Written and Directed by Richard Burgin, Fang (2022) really caught us by surprise. In this particular case, the film delivers something significantly outside of initial expectations based on the plot line in IMDB. What we saw seemed to fall more in line with Darren Arnofsky’s work than standard horror fare.
It’s winter in Chicago and Billy Cochran (Dylan LaRay) can’t stop alienating the people around him. His mother Gina (Lynn Lowry) is in and out of the hospital and her mind is breaking down, caught between her glory days as a Southern belle and her current state of decay. One night, Billy gets an unexpected visitor: a rat that springs out of his bathroom and bites him. At first, everything seems okay. Billy comes home, drowsy from the tetanus shot, and bonds with Gina’s lovely new caregiver Myra (Jess Paul). Then the rat fur appears. It grows out of Billy’s skin, then goes away like it was never there. The more Billy looks in the mirror and scratches, the more he’s forced to face the unthinkable: he might be turning into a rat. Billy is plunged into a waking nightmare where he slowly discovers the truth about himself as he unleashes the ferocious depths of the human and rodent soul.
We thought this would be an ode to body horror, or even a throwback to simple days of half-man half-somethings like The Mole People (1956) or The Alligator People (1959). Instead Richard Burgin delivers a descent into madness and psychological horror. While painstakingly detailing the downward spiral of his lead character, Billy Cochran (Dylan LaRay), Burgin manages a parallel narrative on the struggles dementia and declining metal health. More importantly, he unveils a society that lacks empathy for those suffering from catastrophic mental health ailments.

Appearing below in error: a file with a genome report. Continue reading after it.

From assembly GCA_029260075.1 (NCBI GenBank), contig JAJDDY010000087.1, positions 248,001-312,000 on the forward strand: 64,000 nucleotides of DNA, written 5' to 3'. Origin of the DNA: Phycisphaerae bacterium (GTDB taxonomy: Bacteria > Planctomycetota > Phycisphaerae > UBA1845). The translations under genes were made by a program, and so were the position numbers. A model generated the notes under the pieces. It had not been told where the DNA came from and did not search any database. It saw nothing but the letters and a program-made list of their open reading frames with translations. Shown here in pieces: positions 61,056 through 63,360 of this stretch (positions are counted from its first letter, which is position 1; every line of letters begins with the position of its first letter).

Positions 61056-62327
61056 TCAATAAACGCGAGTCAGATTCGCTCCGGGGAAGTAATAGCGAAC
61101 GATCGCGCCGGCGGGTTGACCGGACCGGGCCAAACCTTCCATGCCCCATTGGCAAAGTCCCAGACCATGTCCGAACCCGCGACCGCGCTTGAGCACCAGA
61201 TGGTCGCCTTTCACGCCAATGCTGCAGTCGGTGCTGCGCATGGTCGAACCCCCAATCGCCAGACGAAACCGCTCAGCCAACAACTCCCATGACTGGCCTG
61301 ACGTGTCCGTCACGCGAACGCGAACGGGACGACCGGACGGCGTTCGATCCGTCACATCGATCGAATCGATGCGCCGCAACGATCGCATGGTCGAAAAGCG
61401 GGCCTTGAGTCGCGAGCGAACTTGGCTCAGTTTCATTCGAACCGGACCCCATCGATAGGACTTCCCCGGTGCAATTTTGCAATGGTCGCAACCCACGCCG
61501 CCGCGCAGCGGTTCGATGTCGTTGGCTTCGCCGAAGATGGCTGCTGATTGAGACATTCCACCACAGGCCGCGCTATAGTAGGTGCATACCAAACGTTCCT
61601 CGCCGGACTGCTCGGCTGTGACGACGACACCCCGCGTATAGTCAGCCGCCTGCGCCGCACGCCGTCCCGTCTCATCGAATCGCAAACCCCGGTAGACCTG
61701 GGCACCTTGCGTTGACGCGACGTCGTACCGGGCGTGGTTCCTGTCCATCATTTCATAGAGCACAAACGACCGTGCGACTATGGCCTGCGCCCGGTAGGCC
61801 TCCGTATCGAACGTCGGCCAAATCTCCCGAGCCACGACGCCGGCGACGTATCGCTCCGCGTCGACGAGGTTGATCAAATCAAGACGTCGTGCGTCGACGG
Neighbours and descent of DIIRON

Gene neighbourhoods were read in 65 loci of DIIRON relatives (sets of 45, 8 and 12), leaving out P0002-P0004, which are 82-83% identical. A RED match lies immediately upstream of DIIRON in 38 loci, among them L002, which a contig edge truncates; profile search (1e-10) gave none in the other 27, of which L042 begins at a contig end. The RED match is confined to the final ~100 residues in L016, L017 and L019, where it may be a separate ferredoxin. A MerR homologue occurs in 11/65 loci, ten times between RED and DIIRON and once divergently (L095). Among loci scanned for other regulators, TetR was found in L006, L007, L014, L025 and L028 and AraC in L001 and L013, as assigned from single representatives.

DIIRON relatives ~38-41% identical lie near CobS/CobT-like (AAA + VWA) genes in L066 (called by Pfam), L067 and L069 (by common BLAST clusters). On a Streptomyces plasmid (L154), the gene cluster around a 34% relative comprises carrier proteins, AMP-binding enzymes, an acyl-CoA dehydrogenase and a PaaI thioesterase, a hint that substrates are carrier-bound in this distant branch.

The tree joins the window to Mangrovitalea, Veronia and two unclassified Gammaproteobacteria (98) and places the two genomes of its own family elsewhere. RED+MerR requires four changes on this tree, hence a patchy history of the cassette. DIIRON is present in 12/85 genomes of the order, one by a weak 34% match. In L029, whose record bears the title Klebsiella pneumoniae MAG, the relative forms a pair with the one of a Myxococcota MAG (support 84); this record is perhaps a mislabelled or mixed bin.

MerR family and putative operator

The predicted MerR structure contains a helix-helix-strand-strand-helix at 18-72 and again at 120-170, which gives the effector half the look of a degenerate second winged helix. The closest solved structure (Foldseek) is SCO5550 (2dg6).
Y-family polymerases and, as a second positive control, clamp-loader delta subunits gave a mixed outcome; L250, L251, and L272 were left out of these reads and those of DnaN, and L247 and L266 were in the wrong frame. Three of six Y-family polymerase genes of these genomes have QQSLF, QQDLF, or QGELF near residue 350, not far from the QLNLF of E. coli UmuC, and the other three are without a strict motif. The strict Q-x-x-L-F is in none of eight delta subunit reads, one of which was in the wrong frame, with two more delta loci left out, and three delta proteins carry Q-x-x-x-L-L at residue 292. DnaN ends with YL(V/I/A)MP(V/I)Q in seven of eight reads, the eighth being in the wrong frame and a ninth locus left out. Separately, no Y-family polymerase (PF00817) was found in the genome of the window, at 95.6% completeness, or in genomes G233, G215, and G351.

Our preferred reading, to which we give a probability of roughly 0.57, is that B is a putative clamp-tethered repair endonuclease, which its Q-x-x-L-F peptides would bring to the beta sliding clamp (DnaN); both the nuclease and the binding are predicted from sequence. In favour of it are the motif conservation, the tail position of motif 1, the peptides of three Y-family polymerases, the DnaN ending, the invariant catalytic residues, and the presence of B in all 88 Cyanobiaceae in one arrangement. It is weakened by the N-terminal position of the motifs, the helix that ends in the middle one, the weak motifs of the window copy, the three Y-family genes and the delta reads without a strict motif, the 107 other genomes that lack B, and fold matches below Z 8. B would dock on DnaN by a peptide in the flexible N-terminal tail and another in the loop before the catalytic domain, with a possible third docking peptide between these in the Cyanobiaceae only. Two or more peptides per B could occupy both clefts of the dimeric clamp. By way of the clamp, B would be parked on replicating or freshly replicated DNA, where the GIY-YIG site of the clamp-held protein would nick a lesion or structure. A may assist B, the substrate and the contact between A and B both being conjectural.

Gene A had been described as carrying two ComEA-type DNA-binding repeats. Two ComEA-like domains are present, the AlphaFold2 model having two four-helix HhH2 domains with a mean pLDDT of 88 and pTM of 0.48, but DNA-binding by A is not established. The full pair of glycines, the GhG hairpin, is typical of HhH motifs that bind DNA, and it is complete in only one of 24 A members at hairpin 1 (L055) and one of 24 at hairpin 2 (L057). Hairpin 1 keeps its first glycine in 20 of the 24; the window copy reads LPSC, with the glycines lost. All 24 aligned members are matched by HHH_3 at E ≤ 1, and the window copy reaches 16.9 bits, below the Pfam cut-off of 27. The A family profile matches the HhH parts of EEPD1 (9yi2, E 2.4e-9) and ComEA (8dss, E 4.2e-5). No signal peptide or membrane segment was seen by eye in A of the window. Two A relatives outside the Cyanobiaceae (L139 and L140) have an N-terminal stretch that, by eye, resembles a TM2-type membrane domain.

Mental health as a multi-faceted horror plot
The films begins with Billy. Something is not right about Billy. He is emotionally distant and has difficulty navigating the world. His hobby is an obsessive compulsion to document a fantasy world of his own creation through art and illustration. Eventually, Burgin reveals that Billy is autistic. That’s not a spoiler. In fact, its not even extremely relevant to the plot of the movie. Billy’s condition is really just a thread in a much larger tapestry that describes a larger struggle with mental health.
In addition to his own struggles, his mother, Gina Cochran (Lynn Lowery, The Crazies – 1973) suffers from late stage Parkinson’s. Gina’s condition has progressed well beyond the point in which she requires 24/7 care. Billy, can barely take care of himself, much less his mother. Secretly he harbors a deep resentment of her and the burden in which she has become. Billy also works for a narcissistic boss that could care less about his problems or his mothers. Only one person, Gina’s caregiver Myra (Jess Paul), seems to care about Billy and Gina’s situation.
All of this pressure builds and builds on Billy until he finally cracks.
As an aside, Richard mentions in his own bio that his own struggles with mental health help to inform is work. We think that this lends itself to his ability to subtly address Billy’s state of mind without putting a sign around his neck that says autism. This delicate treatment of the matter breaths authenticity into the story.